Delivering a psychological intervention through the GAA, an organisation associated with fitness, fun and sport, facilitated a positive cognitive shift in the negative associations that people typically hold about mental health and HSE mental health services where people reported holding connotations such as visiting the ‘head doctor’ or ‘shrink’. Negative associations prevent people from accessing services and fuel stigma. Participants reported positive associations with the delivery through the GAA such as being physically and mentally fit. Delivering a mental health service on the back of these positive connotations seemed to have the effect of reducing stigma and thus improving access.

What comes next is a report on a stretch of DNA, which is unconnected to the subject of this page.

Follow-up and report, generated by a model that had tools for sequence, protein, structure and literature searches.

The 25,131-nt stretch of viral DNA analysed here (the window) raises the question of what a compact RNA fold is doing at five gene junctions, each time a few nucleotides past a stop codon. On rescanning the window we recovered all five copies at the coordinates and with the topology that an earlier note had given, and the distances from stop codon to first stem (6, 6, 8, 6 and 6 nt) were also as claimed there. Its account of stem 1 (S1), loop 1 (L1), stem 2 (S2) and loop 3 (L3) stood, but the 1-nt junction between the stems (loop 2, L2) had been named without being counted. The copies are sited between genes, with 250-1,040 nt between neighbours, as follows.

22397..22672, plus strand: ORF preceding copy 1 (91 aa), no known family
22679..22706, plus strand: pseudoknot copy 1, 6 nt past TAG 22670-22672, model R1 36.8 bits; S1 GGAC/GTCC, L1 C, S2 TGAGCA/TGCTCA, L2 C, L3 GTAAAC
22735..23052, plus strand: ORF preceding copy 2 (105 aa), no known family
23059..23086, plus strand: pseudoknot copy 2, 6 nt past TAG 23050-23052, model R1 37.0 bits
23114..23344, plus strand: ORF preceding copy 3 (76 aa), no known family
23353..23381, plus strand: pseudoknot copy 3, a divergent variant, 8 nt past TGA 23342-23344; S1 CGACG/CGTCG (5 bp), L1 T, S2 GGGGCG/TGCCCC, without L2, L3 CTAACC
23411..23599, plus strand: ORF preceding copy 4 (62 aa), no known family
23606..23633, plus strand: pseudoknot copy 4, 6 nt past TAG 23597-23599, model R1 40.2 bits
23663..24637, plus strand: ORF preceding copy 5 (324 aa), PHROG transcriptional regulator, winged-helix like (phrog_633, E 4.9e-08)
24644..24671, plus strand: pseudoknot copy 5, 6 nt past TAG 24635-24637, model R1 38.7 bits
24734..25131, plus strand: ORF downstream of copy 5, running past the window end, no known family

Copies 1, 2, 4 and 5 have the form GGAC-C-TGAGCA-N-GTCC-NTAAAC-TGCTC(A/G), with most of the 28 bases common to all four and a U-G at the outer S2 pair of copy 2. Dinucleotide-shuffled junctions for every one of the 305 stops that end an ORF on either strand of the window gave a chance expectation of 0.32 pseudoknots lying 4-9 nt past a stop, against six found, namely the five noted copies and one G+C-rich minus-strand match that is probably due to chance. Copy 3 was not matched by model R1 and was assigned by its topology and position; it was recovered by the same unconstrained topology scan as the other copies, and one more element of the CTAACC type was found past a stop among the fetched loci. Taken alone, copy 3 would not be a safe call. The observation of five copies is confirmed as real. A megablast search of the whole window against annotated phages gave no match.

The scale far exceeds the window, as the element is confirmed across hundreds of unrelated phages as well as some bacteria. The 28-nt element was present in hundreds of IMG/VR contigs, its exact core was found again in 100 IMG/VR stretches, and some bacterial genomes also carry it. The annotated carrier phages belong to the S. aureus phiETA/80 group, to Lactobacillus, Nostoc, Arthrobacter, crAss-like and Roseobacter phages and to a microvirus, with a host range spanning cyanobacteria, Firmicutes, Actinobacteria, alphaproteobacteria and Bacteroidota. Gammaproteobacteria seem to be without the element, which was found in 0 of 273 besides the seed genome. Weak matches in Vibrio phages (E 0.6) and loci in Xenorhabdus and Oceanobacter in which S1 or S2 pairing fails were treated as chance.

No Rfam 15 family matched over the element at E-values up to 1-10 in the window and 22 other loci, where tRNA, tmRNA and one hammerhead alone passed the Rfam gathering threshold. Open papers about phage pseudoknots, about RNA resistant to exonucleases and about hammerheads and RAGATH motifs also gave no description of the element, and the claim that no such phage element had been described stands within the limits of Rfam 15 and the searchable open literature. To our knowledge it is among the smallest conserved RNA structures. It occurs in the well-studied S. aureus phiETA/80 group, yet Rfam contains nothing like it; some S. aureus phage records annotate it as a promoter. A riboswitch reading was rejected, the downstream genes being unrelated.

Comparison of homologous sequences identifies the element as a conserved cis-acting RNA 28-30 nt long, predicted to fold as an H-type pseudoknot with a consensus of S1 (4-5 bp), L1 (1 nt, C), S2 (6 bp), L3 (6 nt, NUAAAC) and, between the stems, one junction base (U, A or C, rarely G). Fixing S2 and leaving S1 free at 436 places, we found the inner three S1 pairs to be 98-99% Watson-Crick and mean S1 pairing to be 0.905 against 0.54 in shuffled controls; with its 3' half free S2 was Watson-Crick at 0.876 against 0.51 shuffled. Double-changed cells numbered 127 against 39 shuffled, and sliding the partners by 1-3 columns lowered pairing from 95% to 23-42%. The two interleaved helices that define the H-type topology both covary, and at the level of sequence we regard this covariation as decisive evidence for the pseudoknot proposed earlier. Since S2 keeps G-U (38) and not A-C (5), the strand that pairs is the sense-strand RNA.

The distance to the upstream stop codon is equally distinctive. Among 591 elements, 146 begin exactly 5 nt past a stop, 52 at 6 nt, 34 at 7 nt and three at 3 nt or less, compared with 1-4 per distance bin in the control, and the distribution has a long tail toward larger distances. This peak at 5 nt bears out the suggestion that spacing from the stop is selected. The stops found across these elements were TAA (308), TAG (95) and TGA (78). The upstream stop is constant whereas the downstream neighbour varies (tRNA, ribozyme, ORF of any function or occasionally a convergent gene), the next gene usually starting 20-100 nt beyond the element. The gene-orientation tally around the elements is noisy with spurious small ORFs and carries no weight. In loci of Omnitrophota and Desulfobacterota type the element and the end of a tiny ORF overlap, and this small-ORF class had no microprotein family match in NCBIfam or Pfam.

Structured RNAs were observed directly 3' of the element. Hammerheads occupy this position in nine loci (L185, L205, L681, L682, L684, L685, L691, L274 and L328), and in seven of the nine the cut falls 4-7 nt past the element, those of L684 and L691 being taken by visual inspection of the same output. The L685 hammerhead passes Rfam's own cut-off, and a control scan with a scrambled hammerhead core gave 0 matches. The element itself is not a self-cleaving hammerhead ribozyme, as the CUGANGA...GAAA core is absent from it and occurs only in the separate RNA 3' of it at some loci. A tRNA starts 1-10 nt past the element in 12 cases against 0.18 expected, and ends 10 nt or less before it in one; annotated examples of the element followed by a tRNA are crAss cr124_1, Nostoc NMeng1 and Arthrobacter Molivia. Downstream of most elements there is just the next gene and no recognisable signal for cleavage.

The above project highlights the importance of managers and service developers thinking creatively about the manner in which they structure and deliver services and to think creatively about how best to overcome the challenges we face in not just meeting the needs of clients but in ensuring that services can connect with clients. There is also a need for further implementation research which establishes the best ways or places to deliver services so that service managers can use this evidence to guide their work on service planning, development and delivery. Plans to expand the Cork Beats Stress through Primary Care Psychology in Cork are underway. For further information on this initiative please contact Jennifer Hayes on Jennifer.Hayes@hse.ie.